Prayer can be frustrating and disappointing when we don’t receive what we prayed for or “hear” from Him. No, it’s not easy, but it is simple. Koessler: It is as simple as the infant’s cry or the beggar’s reach. The power of prayer does not lie in the rigor of its method or the beauty of its vocabulary. Its strength is not in the supplicant’s posture or the prayer’s length. The essence of prayer is in the asking. Prayer is fundamentally an expression of our need…We cannot impress Him with our language. We will not shock Him with our bluntness. (The Surprising Grace of Disappointment)

When you are next frustrated with prayer, ask yourself: 1) Is God perhaps just being a good listener, waiting for me to come to the point I pray in accordance with His will? 2) Am I preaching to myself (as David so often did) after addressing God? It was often in addressing God that David came to realize what was real and what was really his need…and then he preached to himself. For the most part, God has already given us the answers in His Word. We just don’t want to have to wrestle with how to apply it to our lives and we think prayer may be an easier way out. God doesn’t do things the easy way or He’d not have sent His Son. He won’t let us off easily, either, for struggle is the pathway to growth and maturity.

Don’t let disappointment with prayer/God dissuade you. Pour it out. Then, address yourself with what He has already told us. That is what worked for David, and I suspect it will work for us, too.

PRAYER: Father, forgive us for thinking You don’t hear and don’t care! Thank You for being the best listener and Father possible! Help us in our weakness to apply Your truth to every situation, to discern where the Word has already spoken answers and revealed truth about who You are and what You are like. In Jesus’ name, Amen.

Copyright 2014 by Galen C. Dalrymple.

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Thank you!

DayBreaks for 11/29/12 – Being Willing

DayBreaks for 11/29/12 – Being Willing

A leprous hand

Luke 5:12-13 (NLT) –  In one of the villages, Jesus met a man with an advanced case of leprosy. When the man saw Jesus, he bowed with his face to the ground, begging to be healed. “Lord,” he said, “if you are willing, you can heal me and make me clean.”   13 Jesus reached out and touched him. “I am willing,” he said. “Be healed!” And instantly the leprosy disappeared.

Leprosy was, and is, a horrible disease.  There was and is no cure for it.  While the term leprosy was applied to numerous skin diseases, none of them were pleasant, not only because of the disease itself, but because of how the leper was treated.  People under the Jewish system were not allowed to be in contact with those who were leprous.  It was a sentence of isolation, and even though this man lived in the village, he would have been unable to touch others, or be touched.  He could speak to them, see them as they went about their daily lives: hugging, shaking hands, putting an arm around one another’s shoulder, working together, playing, but he could not participate in any of those things.  He was cut off from human contact of any physical sort.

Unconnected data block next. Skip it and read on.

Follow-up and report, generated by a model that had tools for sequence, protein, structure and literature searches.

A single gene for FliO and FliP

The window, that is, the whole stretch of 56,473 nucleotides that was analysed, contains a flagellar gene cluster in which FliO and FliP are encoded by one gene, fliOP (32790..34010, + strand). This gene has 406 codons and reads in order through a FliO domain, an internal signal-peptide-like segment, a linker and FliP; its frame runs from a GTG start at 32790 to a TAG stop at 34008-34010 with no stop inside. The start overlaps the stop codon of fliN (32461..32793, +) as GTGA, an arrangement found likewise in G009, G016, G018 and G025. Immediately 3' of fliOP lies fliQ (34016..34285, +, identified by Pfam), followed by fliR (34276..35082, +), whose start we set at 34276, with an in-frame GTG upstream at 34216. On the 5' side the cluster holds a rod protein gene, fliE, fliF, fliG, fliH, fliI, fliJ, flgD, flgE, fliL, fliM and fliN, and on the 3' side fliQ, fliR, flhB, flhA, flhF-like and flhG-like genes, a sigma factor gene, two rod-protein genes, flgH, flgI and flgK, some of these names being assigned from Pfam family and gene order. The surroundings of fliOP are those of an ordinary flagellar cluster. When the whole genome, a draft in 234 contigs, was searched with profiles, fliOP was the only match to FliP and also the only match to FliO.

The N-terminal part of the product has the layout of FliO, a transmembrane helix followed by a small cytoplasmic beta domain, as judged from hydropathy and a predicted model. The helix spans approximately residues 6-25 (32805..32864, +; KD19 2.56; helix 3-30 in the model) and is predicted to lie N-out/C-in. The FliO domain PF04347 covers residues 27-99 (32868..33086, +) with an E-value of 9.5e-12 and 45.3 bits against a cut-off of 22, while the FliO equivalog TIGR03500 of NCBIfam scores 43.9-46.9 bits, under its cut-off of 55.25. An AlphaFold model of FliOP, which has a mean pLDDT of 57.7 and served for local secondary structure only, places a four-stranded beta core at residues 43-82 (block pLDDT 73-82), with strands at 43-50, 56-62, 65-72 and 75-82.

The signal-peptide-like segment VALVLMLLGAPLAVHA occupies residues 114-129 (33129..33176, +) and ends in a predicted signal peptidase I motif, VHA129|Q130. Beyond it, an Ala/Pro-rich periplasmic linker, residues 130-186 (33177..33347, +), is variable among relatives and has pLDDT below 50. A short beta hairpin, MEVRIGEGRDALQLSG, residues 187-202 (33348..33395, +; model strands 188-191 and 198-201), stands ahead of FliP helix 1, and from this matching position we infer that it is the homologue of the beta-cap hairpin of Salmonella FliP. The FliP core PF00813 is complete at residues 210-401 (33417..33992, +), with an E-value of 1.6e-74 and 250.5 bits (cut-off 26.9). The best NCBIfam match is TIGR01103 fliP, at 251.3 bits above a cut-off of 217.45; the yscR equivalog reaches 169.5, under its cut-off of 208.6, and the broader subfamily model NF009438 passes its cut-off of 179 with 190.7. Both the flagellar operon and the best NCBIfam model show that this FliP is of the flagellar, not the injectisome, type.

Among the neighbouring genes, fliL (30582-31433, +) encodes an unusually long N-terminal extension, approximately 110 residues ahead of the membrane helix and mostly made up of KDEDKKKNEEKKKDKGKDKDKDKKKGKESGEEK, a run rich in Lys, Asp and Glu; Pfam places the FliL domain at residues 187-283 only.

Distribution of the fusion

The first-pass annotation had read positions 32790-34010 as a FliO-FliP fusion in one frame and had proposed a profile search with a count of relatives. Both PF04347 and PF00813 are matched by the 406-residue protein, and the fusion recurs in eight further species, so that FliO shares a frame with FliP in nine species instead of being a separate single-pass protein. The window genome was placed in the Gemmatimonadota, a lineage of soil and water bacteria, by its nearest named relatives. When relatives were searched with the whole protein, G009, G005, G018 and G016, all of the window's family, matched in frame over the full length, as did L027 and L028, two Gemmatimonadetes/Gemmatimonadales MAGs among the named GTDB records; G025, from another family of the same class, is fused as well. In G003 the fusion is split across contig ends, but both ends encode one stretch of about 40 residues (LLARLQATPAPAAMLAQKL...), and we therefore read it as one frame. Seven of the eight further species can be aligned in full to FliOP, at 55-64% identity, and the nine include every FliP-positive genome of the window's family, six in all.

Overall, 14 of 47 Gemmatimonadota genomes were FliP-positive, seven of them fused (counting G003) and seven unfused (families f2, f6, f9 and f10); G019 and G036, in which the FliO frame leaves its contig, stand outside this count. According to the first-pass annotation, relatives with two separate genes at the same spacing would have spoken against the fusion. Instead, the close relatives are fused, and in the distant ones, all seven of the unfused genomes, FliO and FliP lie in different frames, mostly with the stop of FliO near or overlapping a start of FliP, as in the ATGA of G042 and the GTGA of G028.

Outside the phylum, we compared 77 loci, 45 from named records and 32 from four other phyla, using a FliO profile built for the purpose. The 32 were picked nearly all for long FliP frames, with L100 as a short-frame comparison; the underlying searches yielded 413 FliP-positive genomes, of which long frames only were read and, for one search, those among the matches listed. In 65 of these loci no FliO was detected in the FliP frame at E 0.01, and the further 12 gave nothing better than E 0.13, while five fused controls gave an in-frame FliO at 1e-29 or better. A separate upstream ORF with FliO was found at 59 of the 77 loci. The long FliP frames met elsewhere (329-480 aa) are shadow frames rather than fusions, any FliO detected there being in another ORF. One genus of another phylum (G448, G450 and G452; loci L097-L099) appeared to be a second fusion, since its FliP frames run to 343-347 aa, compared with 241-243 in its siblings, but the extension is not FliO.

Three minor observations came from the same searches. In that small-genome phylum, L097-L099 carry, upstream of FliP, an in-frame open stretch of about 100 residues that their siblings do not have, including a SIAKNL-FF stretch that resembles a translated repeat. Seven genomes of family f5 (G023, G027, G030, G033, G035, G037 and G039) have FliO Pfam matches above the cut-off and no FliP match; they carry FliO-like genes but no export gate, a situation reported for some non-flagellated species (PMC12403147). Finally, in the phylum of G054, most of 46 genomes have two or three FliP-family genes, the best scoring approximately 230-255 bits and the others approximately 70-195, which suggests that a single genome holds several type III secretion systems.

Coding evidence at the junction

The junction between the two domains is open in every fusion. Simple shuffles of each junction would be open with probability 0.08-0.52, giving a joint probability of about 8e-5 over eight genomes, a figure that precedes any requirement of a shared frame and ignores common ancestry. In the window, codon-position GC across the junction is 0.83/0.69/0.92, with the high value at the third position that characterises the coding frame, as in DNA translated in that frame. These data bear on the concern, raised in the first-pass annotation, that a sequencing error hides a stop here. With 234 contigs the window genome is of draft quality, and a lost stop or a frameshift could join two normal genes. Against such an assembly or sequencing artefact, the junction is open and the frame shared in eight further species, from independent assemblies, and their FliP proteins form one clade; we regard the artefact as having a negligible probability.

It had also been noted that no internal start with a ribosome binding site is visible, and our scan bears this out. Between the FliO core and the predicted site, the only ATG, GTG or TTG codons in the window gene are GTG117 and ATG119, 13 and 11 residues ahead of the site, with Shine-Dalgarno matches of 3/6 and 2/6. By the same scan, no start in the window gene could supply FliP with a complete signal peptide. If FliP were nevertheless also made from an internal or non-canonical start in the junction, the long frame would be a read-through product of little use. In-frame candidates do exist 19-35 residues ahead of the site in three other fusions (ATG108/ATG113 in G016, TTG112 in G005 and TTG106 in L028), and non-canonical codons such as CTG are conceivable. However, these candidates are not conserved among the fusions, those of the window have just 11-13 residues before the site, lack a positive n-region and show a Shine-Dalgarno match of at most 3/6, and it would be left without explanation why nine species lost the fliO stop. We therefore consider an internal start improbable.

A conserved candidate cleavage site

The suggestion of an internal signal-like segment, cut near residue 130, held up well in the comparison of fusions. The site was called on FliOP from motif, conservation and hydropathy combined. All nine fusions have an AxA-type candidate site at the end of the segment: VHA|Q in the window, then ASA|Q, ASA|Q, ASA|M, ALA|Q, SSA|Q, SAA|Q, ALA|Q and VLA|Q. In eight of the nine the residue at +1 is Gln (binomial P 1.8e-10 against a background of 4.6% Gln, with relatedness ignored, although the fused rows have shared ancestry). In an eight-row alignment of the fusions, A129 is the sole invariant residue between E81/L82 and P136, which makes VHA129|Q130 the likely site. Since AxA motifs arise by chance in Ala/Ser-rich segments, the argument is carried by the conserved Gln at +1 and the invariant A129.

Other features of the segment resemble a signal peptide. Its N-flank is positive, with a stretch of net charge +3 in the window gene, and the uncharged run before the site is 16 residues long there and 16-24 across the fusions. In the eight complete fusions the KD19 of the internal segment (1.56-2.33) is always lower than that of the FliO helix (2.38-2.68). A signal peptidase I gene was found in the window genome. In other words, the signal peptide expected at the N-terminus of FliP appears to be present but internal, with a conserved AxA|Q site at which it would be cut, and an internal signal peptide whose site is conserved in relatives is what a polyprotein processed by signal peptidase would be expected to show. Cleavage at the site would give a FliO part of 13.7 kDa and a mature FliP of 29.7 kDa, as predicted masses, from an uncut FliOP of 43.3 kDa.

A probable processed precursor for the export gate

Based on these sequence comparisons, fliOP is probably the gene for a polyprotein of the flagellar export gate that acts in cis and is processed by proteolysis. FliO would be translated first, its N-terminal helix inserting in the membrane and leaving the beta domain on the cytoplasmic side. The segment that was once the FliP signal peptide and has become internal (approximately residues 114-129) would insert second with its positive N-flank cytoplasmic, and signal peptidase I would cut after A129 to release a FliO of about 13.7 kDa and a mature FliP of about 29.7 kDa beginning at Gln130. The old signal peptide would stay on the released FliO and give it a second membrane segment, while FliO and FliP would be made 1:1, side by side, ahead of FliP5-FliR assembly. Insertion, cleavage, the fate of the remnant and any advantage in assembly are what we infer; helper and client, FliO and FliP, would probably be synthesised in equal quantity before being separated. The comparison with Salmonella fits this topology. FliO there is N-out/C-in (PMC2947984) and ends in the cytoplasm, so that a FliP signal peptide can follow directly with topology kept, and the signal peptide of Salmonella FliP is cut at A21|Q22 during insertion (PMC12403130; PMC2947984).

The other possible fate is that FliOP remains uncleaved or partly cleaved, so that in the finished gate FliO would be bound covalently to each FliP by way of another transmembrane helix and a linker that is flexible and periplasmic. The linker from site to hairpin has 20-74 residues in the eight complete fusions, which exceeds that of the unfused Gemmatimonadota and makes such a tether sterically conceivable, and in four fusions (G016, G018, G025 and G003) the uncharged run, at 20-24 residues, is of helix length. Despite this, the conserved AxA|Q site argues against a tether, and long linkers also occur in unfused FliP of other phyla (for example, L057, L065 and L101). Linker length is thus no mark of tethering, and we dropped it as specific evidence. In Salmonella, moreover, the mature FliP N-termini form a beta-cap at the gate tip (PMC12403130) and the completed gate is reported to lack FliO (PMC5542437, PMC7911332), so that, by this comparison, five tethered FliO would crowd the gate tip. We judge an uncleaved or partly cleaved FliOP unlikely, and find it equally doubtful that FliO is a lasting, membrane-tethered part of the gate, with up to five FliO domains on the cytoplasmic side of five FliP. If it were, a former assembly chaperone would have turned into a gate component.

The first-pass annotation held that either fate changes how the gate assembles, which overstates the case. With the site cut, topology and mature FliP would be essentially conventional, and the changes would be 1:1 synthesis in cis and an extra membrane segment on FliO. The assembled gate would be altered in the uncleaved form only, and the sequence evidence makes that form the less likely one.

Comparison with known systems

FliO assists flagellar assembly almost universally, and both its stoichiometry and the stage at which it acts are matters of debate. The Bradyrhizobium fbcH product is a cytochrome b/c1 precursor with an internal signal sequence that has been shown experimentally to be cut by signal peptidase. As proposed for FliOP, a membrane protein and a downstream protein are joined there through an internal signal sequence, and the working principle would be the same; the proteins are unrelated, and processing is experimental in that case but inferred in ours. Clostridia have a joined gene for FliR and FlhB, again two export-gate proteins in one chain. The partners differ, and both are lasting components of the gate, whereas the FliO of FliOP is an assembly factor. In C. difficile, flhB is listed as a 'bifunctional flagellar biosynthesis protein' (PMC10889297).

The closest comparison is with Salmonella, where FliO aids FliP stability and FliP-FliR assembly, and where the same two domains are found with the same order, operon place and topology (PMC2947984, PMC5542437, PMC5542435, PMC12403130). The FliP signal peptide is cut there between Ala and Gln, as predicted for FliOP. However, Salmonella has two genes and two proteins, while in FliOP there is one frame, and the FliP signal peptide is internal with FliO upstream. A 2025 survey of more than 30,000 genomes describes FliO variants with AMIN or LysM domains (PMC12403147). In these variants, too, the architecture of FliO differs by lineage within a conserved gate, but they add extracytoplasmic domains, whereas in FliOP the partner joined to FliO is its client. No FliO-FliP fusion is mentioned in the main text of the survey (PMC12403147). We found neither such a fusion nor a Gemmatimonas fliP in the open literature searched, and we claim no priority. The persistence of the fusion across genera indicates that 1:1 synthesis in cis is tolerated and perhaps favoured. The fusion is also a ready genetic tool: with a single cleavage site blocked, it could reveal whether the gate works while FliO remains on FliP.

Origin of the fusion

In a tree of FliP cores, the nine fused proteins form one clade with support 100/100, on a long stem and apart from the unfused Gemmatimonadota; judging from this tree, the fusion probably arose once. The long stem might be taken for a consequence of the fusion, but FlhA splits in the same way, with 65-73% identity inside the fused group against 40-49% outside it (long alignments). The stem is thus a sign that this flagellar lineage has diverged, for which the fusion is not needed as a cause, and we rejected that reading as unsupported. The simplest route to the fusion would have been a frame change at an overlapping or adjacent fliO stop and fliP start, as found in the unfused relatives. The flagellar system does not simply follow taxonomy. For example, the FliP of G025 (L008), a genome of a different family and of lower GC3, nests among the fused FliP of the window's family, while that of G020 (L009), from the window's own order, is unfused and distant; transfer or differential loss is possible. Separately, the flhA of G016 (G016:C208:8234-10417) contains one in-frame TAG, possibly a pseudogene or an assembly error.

The man’s faith had held strong, though.  He’d not given up hope, especially when Jesus came to the village.  He begged for healing, issuing a bold statement of faith.  But, he put a curious qualifier on it: if you are willing.  It makes sense, doesn’t it?  After all, how can we know the mind of Christ?  How can we know his will in all circumstances?  Have we ever prayed for something that we thought was his will, only to find out that it wasn’t his will at all because he didn’t grant that request?  I have done so many, many times!

I don’t know, but I suspect that this man, though he begged for healing, was willing to accept Jesus’ mind-set and decision on this matter.  He was already a leper…what did he have to lose by asking, except perhaps a little pride if his request was denied (but he probably had little if any pride left anyway).

But the best news is Jesus’ response: I AM WILLING.  What that tells us about Jesus is wonderful: 1) He hears us; 2) He is moved by our begging (the parable about the woman who kept imploring the judge for a boon); 3) He is willing to heal and make us whole; 4) He not only is willing (who among us wouldn’t heal the suffering if we only had the power), but He has the power to heal!

I’m sure the leper was thrilled by Jesus’ three words.  I would have been.  I wonder if I would have been as accepting if Jesus said “no” to my request.  It’s hard to accept a “no” for something we really want.

Copyright 2012 by Galen C. Dalrymple.  ><}}}”>

PRAYER: Father, many have been the times when I’ve prayed for something and instead of asking for it if it is your will, I am trying to instruct you what to do.  I’m sorry for my pride.  Please help me be willing to graciously accept your will!  In Jesus’ name, Amen.

Copyright 2012 by Galen C. Dalrymple.